Hyperdense liver on a plain CT is key to a Dx of...
hemochromatosis

-or on MRI, see a "Black Liver" on T1-T2
What's the most common primary cancer of the liver?
Hepatocellular carcinoma

-etiology factors: Hep B/d & C, alcohol, hemochromatosis, and various carcinogens

Heapto carcinogenesis:
-multistep process in cirrhotic liver
-de novo in non-cirrhotic liver

U.S. male/female : 2.5:1
SE Asia, Africa, Japan: male/female: 5:1
3 predominant patterns of HCC Presentation:
1) solitary mass +/- satellite nodules
2) multiple discrete masses
3) diffuse, ill-defined infiltration of the liver parenchyma
If you see a patient with an elevated AFP and possible cirrhosis, what do you need to rule out?
HCC
Hep B/C and lesion in the liver =
HCC until proven otherwise.
How might contrast on CT or MR move through an HCC tumor?
aterial enhancement with delayed enhancement of the capsule
Patient Px's with:

-young: 5-35 y/o
-AFP levels normal
-man or woman
-no preexisting liver disease
Fibrolamellar carcinoma

-has large, lobulated central scar
-single mass
-vascular/biliary obstruction is common, invasion though is rare
How do you Dx fibrolamellar carcinoma?
by CT

-histology shows blue lamellar bands of fibrosis separating the malignant hepatocytes into cords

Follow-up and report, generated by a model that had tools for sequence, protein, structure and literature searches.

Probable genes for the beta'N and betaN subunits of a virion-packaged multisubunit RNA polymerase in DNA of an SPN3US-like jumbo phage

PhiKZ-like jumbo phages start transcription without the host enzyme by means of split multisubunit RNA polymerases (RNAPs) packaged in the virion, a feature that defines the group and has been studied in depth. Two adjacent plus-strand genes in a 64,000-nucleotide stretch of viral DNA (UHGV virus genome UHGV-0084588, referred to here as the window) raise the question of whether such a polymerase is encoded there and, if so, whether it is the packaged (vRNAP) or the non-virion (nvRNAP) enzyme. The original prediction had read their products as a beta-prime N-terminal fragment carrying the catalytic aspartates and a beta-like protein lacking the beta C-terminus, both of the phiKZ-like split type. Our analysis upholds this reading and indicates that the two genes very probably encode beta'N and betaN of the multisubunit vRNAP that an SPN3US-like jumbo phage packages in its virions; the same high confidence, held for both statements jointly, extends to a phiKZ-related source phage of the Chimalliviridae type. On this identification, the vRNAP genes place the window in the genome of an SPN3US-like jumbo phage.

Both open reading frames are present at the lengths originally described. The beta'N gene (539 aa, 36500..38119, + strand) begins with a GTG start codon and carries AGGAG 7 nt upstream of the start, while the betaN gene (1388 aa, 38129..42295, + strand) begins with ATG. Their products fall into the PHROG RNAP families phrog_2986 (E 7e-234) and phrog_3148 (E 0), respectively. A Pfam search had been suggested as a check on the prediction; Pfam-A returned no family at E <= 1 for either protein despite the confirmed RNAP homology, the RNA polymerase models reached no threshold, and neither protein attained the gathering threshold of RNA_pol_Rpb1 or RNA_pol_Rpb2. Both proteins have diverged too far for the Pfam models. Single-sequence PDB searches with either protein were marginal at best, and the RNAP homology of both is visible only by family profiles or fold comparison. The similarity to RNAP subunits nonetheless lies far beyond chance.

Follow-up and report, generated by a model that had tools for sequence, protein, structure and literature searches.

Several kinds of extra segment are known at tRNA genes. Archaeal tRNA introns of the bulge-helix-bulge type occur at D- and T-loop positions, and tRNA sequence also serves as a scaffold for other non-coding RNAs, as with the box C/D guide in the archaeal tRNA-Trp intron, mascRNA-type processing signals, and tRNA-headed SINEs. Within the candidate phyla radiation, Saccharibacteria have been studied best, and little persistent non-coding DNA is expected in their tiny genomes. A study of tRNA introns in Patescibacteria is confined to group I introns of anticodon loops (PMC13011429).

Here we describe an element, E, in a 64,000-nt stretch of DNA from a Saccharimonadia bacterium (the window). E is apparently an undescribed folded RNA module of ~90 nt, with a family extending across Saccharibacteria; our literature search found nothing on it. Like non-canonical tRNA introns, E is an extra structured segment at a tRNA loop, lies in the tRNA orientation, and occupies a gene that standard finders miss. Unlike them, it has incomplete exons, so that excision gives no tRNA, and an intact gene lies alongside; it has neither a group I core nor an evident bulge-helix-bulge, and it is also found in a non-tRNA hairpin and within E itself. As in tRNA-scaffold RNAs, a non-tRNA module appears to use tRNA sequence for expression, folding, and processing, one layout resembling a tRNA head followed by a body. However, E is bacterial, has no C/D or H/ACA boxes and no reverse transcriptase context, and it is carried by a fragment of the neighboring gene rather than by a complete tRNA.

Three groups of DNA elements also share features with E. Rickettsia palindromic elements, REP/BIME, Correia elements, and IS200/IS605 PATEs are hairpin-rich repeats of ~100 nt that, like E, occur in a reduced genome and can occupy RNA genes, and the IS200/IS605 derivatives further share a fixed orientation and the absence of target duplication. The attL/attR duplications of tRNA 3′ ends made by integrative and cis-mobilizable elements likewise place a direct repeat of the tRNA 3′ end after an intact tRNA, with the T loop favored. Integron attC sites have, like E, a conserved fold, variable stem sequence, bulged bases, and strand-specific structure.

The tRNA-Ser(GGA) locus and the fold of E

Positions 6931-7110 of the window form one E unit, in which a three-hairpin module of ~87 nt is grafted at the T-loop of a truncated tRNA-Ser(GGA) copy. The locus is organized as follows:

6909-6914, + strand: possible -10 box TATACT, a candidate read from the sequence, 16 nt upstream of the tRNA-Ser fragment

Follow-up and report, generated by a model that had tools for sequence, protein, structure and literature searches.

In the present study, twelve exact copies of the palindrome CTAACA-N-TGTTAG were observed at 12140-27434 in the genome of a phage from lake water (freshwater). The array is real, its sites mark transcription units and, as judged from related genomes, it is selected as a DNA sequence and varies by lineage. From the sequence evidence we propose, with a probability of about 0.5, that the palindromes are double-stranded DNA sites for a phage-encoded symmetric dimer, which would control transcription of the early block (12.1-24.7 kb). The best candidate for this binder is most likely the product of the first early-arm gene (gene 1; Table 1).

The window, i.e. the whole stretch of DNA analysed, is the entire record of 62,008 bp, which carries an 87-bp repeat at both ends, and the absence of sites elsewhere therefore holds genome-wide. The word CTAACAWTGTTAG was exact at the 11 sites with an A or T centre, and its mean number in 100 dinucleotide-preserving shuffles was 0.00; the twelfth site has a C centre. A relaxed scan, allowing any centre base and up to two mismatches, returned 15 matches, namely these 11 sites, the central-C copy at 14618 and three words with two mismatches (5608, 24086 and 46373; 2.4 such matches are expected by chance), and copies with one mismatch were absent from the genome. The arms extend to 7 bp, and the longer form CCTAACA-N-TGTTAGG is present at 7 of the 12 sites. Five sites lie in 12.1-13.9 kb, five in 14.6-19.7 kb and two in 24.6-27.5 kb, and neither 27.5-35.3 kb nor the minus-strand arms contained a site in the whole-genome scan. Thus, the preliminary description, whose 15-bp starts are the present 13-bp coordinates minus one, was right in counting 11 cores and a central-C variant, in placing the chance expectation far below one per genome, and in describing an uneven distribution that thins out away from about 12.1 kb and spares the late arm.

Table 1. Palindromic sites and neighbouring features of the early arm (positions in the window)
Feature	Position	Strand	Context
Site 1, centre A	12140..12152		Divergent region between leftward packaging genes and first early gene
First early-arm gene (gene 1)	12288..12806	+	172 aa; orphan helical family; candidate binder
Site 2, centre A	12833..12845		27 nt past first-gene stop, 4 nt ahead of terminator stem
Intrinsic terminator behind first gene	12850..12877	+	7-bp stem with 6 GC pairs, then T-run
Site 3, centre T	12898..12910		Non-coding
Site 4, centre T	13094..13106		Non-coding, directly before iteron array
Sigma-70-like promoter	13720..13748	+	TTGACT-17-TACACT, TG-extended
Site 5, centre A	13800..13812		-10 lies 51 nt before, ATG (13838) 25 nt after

Intrahepatic cholangiocarcinoma:
-8% of all primary hepatic malignancy
-male predominance 1.6:1
-only 10% intrahepatic

-adenocarcinoma with abundant sclerosis

-DDx: difficult with other adenocarcinomas
What's the key imaging for intrahepatic cholangiocarcinoma?
on CT:
-central fibrosis
-DELAYED enhancement

-may also see capsular retraction
If you see an infant that presents with >15% of total fractionated serum bilirubin as conjugated, then that child has...
*cholestasis*

-consider phsyiologic or breast milk jaundice vs. cholestasis

-also look at liver synthetic function: ammonia, PT, albumin, glucose, bilirubin
Most common cause of cholestasis in newborns?
-biliary atresia
-most common cause for OLT in peds, too
-most common cause of death due to liver disease in children, as well
How does a biliary atresia patient present?
-direct hyperbilirubinemia at 2-6 weeks of age
-well appearing, thriving infant
-dark urine
-acholic stools
-hepatosplenomegaly
-INC Alk Phos and GGTP and mild increase of ALT and AST
How do you treat biliary atresia, and by when?